Seven square miles of peatlands may be restored in the Highlands after the project passed the first stage of its application for Lottery funding.
If approved, it will provide £4m for the work.
Restoring part of Europe's largest intact expanse of blanket bog will take five years.
The Flow Country in Caithness is one of the last great wildernesses in the UK and has been put forward as a potential Unesco World Heritage Site.
Initial approval will provide the project with £147,000 development funding.
It is hoped the work will improve the habitats for rare plants and species.
The Flow Country's peatlands stemmed from damp and cool conditions that encouraged the growth of sphagnum moss and cotton grasses since the last Ice Age, more than 10,000 years ago.
The partially-decayed plants slowly formed layers of peat many metres deep, with vast amounts of carbon locked in.
An estimated 400 million tonnes of carbon is stored in the peat in the Flow Country which is double the amount of carbon in all the UK's forests.
After remaining largely untouched for millennia, the area underwent huge change in the 1970s and 80s when non-native conifer trees were planted in an effort to make the land more productive.
As a result, huge areas of blanket bog were damaged or eroded.
Bog plants were lost, rare bird species seriously declined, and carbon was now being emitted instead of being absorbed and stored.
An inquiry into UK peatlands by the International Union for Conservation of Nature found that a loss of only 5% of the carbon stored in peat would equate to the UK's total annual greenhouse gas emissions.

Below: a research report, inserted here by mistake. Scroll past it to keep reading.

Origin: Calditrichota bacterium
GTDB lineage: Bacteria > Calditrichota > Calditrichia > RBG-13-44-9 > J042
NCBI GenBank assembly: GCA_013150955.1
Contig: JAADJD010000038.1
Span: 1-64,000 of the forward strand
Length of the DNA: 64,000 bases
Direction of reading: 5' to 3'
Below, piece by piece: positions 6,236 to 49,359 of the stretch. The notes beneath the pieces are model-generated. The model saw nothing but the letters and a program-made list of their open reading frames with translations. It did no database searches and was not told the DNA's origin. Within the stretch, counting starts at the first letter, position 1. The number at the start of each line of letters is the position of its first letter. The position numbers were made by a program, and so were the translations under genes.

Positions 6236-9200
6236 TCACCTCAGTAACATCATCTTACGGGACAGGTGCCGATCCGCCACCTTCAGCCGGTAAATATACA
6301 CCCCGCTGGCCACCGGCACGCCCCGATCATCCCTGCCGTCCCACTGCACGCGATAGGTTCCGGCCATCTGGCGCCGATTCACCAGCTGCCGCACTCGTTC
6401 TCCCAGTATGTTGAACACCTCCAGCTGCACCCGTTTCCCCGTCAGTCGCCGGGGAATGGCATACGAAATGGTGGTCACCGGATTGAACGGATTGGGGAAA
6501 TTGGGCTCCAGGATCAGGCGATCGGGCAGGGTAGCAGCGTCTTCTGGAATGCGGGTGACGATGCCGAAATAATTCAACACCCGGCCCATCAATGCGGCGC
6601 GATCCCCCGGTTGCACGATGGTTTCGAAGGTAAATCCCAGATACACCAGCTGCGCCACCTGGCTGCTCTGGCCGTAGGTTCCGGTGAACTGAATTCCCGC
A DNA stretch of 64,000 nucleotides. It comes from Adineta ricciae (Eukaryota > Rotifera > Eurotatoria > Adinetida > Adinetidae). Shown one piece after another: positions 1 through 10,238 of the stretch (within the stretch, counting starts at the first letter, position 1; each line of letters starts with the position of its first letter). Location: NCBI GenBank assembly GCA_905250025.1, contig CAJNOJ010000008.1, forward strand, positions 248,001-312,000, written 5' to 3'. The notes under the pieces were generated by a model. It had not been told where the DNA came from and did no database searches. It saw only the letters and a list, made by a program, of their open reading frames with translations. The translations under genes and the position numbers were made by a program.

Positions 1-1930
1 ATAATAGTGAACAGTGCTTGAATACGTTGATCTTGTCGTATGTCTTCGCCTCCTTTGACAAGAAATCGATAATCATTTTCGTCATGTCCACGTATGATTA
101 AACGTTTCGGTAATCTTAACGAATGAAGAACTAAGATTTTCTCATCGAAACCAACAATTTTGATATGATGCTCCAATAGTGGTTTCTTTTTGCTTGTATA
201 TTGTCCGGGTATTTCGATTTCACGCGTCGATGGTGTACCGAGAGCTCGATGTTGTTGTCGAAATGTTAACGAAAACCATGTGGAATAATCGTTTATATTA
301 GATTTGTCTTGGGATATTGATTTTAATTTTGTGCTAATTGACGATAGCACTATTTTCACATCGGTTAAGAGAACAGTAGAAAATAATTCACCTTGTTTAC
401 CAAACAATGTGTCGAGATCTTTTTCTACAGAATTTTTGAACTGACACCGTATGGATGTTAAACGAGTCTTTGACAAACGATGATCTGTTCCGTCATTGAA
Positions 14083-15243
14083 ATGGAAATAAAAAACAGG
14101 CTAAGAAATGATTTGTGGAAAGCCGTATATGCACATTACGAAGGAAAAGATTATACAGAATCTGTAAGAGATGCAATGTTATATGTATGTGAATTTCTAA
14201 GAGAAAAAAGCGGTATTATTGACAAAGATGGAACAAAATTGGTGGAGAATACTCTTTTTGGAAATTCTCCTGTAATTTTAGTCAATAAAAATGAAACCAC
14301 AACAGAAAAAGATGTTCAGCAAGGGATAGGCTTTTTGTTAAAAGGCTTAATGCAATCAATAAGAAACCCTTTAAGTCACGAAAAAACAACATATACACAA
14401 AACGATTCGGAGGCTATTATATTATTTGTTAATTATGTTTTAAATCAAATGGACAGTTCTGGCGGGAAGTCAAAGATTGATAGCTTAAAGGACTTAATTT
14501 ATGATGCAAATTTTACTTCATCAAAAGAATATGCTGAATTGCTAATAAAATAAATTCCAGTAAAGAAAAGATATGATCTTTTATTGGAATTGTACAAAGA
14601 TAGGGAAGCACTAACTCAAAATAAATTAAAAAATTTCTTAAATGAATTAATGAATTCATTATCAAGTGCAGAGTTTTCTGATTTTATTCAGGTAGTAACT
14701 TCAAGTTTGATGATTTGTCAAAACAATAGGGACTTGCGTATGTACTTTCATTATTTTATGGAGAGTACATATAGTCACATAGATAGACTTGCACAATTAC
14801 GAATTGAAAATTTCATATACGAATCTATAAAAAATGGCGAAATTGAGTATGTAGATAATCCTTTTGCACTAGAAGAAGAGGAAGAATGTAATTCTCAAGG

The restoration will include a new field centre, which will be located at the RSPB's Forsinard Flows nature reserve.
The reserve, the RSPB's largest, has been at the centre of peatland restoration work for 16 years.
It is hoped the work will improve the habitats for many rare plants and species, including otters, hen harriers and golden plovers.
'Climate change agenda'
Colin McLean, head of the Heritage Lottery Fund in Scotland, said: "The Flow Country is an area of exceptional natural heritage merit. Over 8,000 years of the history of plants, weather and people lie preserved in its layers of peat.
"We are delighted to be able to give our initial support to a project which will reverse the damage of earlier forestry planting, while we still can, and make an important contribution to the global climate change agenda."
John Henderson, chairman of the Peatlands Partnership, which is co-ordinating the work, said: "We're delighted that we have cleared this all important first hurdle and that the Heritage Lottery Fund recognises the potential of what can be achieved in this landscape.
"The Flow Country is a truly special area, a valuable store for carbon, a haven for birds and animals and remarkably beautiful.
"Its future protection and conservation is essential if we want to reduce the devastating impacts of climate change."
The Peatlands Partnership comprises RSPB Scotland, Scottish Natural Heritage, Forestry Commission Scotland, Highland Council as well as individuals and stakeholders from the local community.